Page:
Dossiers
Middle East
Contrary to all predictions of an era dominated by digital agorà, especially for the youngsters, the square is back as the primary place and instrument of protest. A comparative enquiry.
  • From Zuccotti Park in NYC to Tahrir Square in Cairo, occupy movements and other forms of urban protests have been powerful resistance movements against increasing inequality and marginalization as consequences of global neoliberal processes. These resistance movements also challenged the institutions of representative democracy, which have been irresponsive to the demands of the masses.
  • On 24 June 2018, both parliamentary and presidential elections were held in Turkey. With the elections, the constitutional amendments of 2017 came into force leading to a fundamental change in the nature of the political regime in Turkey towards even more authoritarian lines. Focusing on the last constitutional amendments and the recent elections, in this dossier, our contributors address a variety of issues that are critical to understanding different aspects of today’s Turkey.
  • One year and a half after the attempted coup d’état, the political and social situation in Turkey continues to be extremely critical. While the state of emergency is still in force after having been extended every three months since July 21st, 2015, the groundwork is being laid in the country, preparing for the 2019 general election which is expected to bring into force the presidential regime approved by the much-debated referendum.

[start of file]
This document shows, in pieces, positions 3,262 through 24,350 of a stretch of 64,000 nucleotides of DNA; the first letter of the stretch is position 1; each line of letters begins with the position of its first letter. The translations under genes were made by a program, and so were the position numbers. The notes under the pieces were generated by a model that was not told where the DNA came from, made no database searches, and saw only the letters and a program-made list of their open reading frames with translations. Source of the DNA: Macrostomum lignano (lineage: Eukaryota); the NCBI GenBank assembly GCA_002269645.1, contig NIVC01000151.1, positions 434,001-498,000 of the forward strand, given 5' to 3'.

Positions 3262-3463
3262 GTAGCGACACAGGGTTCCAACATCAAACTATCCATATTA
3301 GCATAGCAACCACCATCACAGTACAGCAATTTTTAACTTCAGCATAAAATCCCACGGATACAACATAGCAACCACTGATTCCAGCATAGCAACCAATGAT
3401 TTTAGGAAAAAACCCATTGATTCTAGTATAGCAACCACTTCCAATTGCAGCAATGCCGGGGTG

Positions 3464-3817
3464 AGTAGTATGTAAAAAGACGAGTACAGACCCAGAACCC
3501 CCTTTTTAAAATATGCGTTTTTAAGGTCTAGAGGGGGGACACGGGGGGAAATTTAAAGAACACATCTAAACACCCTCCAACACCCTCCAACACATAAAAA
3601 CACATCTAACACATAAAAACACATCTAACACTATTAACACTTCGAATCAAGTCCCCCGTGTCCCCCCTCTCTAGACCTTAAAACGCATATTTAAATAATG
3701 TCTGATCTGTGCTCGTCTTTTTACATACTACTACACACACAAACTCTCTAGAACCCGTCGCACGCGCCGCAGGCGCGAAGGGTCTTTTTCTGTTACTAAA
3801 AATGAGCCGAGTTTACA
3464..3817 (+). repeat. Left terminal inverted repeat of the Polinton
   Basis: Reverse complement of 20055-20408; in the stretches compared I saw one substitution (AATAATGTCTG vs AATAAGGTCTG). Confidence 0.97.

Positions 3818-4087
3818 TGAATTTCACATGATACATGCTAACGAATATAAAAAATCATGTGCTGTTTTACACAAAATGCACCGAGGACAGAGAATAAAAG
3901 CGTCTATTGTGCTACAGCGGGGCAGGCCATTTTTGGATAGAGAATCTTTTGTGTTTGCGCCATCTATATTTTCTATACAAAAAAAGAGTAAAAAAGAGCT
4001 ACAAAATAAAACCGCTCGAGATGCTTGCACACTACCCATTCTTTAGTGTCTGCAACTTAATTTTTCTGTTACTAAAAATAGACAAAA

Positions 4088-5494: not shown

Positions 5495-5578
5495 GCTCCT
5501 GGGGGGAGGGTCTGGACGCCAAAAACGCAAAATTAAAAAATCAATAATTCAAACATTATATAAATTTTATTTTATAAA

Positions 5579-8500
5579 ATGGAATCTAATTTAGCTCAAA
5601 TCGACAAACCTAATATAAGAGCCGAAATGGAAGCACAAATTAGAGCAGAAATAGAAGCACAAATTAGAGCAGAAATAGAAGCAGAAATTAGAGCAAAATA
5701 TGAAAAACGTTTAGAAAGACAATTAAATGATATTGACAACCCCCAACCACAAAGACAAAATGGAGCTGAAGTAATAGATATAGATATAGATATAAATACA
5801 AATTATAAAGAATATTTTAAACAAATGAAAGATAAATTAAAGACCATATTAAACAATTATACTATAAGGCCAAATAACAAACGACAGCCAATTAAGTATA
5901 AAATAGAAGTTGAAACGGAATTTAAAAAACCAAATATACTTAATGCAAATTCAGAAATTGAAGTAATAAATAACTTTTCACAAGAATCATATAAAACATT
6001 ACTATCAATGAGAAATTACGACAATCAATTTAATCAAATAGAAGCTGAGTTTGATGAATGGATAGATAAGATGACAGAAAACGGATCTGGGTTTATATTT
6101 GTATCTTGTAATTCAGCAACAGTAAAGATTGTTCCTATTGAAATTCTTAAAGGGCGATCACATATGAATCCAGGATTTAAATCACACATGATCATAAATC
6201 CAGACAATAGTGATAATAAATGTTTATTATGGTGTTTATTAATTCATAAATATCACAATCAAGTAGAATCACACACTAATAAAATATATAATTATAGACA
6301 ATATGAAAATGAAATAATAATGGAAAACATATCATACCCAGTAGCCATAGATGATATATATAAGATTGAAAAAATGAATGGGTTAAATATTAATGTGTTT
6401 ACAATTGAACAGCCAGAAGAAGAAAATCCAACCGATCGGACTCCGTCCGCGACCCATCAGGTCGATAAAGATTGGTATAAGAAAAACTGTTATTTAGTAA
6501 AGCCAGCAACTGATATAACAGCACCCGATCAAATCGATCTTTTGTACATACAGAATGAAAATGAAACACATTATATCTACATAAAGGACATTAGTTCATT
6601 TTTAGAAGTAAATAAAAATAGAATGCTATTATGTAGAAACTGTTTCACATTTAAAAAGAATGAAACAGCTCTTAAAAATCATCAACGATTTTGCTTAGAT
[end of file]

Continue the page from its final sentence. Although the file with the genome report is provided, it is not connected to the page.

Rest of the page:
• On Friday May 19th Iranians lined up at polling stations in such numbers that elections officials had to extend the voting until midnight, confirming that the abstention risk was only a spectre. President Hassan Rouhani has been re-elected for a second term with a massive turnout both in rural areas and in large cities. Our dossier analyses different aspects and motivations of its result, from women and workers point of view to more geopolitical and economic aspects.  
  • After the coup, the two principal actors in Turkey have been the current President, Recep Tayyip Erdogan, and the multi-billionaire and Islamic ideologue, Fetullah Gülen, who has been in self-imposed exile in the United States since 1998. Much of what one has to know about Gülen’s media empire is in this monograph from 2015. Reset DoC’s articles try to analyze this ongoing process and its actors: Erdogan with his new authoritarian tendencies and Gülen with his global media network. The international academic, intellectual community ask the US government and the European Union to stop Erdogan’s authoritarian and violent grip on the country.
  • The uprisings that led to the downfall of regimes in Egypt, Tunisia and Libya in 2011 initially seemed to herald the end of a state system introduced into the MENA region by imperialist powers after WWI. Characterized by an authoritarian model of modernization and secularization from above, the fall of these XX Century regimes opened the door to the rise of political Islam. But when Islamist parties that have come to power in Egypt and Tunisia, although with remarkable differences, they have proven unsuccessful in stabilizing governments and writing new constitutions. Are democracy and a religious revival compatible? What will replace the spent legitimacy of these regimes across the region? What kind of state could now take shape in Muslim contexts overturned by revolts and civil war? And what place will religion have in these states?